Court orders preventing young people from carrying knives and becoming embroiled in serious violence are now being piloted in London, Home Secretary Priti Patel has announced.
The new Knife Crime Prevention Orders are being trialled by the Metropolitan Police Service for 14 months, before plans to roll them out across forces in England and Wales.
They can be imposed on individuals as young as 12 whom police have reason to believe are carrying knives or are habitual knife carriers, or those who have been previously convicted of a knife-related offence.
Police can apply to the courts for the orders. The conditions attached can include curfews and restrictions on an individual’s use of social media, travel outside geographical boundaries, as well as explicitly banning them from carrying a knife.
Courts can also prescribe positive intervention, such as educational courses, sports club referrals, relationship counselling, anger management, mentoring and drug rehabilitation.
The orders aim to stop a small but high-risk cohort of individuals from causing immediate harm to others and support earlier interventions to turn young people away from a life of crime and protect them from potential exploitation from criminal gangs.
Home Secretary Priti Patel said:
One of the hardest parts of my job as Home Secretary is seeing families ripped apart by the horror of knife crime and I am determined to stop this misery, protect communities and help save lives.
Knife Crime Prevention Orders will crack down on those carrying weapons while at the same time intervening to steer them away from a life of violence.
Police have asked for these orders to help them keep our streets and young people safe, and I will always do everything in my power to ensure they have the tools and powers to cut crime and protect the public.
Commander Ade Adelekan from the Metropolitan Police Service said:
Knife Crime Prevention Orders will allow police more options and will be a valuable tactic in preventing and tackling violence in London.
They will allow intervention at an early stage and divert vulnerable people at risk of becoming serious criminals by supporting them to make better lifestyle changes away from violence. Also, they will enable police to monitor the individual and enforce the law on them if they breach it. Both outcomes helping to keep our communities safe.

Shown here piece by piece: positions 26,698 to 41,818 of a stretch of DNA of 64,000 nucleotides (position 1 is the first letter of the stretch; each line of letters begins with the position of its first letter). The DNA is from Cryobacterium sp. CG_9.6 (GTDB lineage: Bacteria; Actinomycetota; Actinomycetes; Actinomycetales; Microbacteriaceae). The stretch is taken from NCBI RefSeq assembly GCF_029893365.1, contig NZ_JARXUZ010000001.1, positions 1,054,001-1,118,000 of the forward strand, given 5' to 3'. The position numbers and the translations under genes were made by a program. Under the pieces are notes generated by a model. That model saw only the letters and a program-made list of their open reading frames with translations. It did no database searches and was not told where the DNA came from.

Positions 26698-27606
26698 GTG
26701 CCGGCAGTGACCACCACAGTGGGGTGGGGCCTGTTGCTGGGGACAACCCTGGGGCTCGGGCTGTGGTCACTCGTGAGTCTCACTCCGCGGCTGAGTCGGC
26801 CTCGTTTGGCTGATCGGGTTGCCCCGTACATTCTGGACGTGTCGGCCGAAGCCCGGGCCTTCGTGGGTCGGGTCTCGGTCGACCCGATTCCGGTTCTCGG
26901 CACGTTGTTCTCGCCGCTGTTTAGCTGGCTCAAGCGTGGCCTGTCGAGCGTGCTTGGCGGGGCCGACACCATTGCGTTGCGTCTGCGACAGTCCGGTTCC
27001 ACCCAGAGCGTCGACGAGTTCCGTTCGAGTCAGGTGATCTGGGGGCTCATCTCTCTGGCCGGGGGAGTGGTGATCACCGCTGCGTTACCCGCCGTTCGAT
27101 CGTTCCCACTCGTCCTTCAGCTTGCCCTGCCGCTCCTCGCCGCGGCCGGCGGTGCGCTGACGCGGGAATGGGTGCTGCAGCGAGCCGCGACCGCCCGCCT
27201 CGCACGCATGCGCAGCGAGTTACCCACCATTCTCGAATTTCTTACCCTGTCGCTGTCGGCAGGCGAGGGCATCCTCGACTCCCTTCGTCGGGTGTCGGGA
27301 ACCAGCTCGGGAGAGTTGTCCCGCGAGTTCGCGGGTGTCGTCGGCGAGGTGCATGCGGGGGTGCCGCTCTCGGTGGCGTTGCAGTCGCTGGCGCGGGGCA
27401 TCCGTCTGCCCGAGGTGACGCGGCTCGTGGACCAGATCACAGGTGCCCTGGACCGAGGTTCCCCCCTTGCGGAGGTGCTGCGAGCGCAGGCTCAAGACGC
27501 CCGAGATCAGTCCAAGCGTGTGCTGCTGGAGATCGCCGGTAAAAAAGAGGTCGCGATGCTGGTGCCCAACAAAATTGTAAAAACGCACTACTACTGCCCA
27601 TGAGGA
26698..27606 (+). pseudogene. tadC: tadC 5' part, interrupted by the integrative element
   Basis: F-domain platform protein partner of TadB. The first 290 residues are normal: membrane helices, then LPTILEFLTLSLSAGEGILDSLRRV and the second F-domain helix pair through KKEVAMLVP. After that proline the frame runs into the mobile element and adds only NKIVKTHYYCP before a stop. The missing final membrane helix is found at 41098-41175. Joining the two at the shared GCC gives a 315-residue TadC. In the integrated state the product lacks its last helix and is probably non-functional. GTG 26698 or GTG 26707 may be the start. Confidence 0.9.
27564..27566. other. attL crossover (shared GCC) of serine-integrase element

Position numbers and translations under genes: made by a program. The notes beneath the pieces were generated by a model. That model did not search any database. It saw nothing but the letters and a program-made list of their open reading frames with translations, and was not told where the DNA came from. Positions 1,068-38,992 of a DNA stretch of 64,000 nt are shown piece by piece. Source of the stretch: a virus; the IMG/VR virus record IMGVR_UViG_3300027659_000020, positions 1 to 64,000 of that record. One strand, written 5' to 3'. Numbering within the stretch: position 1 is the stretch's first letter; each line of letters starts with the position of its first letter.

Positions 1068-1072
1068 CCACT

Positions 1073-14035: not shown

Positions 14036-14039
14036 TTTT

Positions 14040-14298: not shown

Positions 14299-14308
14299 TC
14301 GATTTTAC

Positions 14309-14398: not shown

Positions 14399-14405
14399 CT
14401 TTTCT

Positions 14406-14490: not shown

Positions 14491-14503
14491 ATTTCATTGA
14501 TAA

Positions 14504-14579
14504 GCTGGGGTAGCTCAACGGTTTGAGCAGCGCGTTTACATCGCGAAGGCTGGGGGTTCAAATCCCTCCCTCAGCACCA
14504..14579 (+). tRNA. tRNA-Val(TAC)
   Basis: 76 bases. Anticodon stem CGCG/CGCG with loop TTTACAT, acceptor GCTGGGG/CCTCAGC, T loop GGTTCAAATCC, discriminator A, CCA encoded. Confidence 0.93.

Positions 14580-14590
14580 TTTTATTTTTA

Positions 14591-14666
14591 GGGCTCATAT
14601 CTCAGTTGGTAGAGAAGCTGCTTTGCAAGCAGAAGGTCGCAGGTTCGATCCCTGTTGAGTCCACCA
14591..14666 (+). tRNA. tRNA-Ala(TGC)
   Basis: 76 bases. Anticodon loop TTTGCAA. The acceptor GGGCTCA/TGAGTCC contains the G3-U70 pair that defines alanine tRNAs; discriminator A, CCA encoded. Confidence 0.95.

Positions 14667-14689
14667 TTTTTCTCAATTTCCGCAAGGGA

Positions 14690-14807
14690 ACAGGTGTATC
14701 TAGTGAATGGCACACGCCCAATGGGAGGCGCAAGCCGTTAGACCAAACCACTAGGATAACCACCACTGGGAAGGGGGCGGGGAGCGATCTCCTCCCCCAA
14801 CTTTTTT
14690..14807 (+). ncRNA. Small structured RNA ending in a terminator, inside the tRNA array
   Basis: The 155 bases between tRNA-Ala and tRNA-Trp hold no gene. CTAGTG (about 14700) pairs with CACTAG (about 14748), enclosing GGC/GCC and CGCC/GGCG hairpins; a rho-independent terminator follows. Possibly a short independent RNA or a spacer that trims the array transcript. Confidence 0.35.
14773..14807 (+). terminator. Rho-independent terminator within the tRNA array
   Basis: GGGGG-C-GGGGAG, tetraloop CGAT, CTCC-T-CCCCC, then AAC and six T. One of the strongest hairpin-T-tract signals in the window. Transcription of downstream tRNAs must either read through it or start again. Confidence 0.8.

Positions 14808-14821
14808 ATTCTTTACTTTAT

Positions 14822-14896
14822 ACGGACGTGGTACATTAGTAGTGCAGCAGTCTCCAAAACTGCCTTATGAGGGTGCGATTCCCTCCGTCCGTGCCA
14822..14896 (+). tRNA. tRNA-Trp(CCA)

Tackling violence remains a priority for the Met to which our officers will continue exploiting all preventative and enforcement tactics and powers.
Pastor Lorraine Jones, founder of Dwaynamics Boxing Gym in Brixton, and mother of knife crime victim Dwayne Simpson, said:
These orders are just what we need and are vitally important for us in the community as we have a number of young people who carry knives for various reasons in fear.
They will give us greater opportunity to work with young people and potentially divert them from prison, as they too are vulnerable at a tender age and at risk of being killed or using that knife to take a life.
Knife Crime Prevention Orders can be in place for a maximum of two years and must be reviewed by the courts after 12 months, with orders issued to under 18s to be reviewed more regularly.
The results of the pilot, which commenced on Monday 5 July, will be reviewed after 14 months before deciding whether to roll the orders out to all other forces in England and Wales.
The orders are designed to complement the range of existing police powers to tackle knife crime, including the existing offence of possessing a bladed article in public without good reason and stop and search.
Breaching the order will be a criminal offence punishable by a maximum prison sentence of two years if convicted.
The government is determined to cut crime and crack down on serious violence. Knife Crime Prevention Orders will complement other measures to protect young people including:
- investing £200m in the Youth Endowment Fund to provide evidence-based solutions to tackling youth violence
- tackling drug crime – since 2019, our County Lines Programme has resulted in the closure of more than 780 lines, over 5,100 arrests and the safeguarding of more than 1,200 vulnerable people
- introducing a Serious Violence Duty to ensure all parts of the system – including police, youth offending teams, and health services – work together to drive down serious violence
We are also recruiting an extra 20,000 police officers by March 2023. Almost 9,000 of these officers have already been recruited, including an extra 1,369 officers for the Metropolitan Police.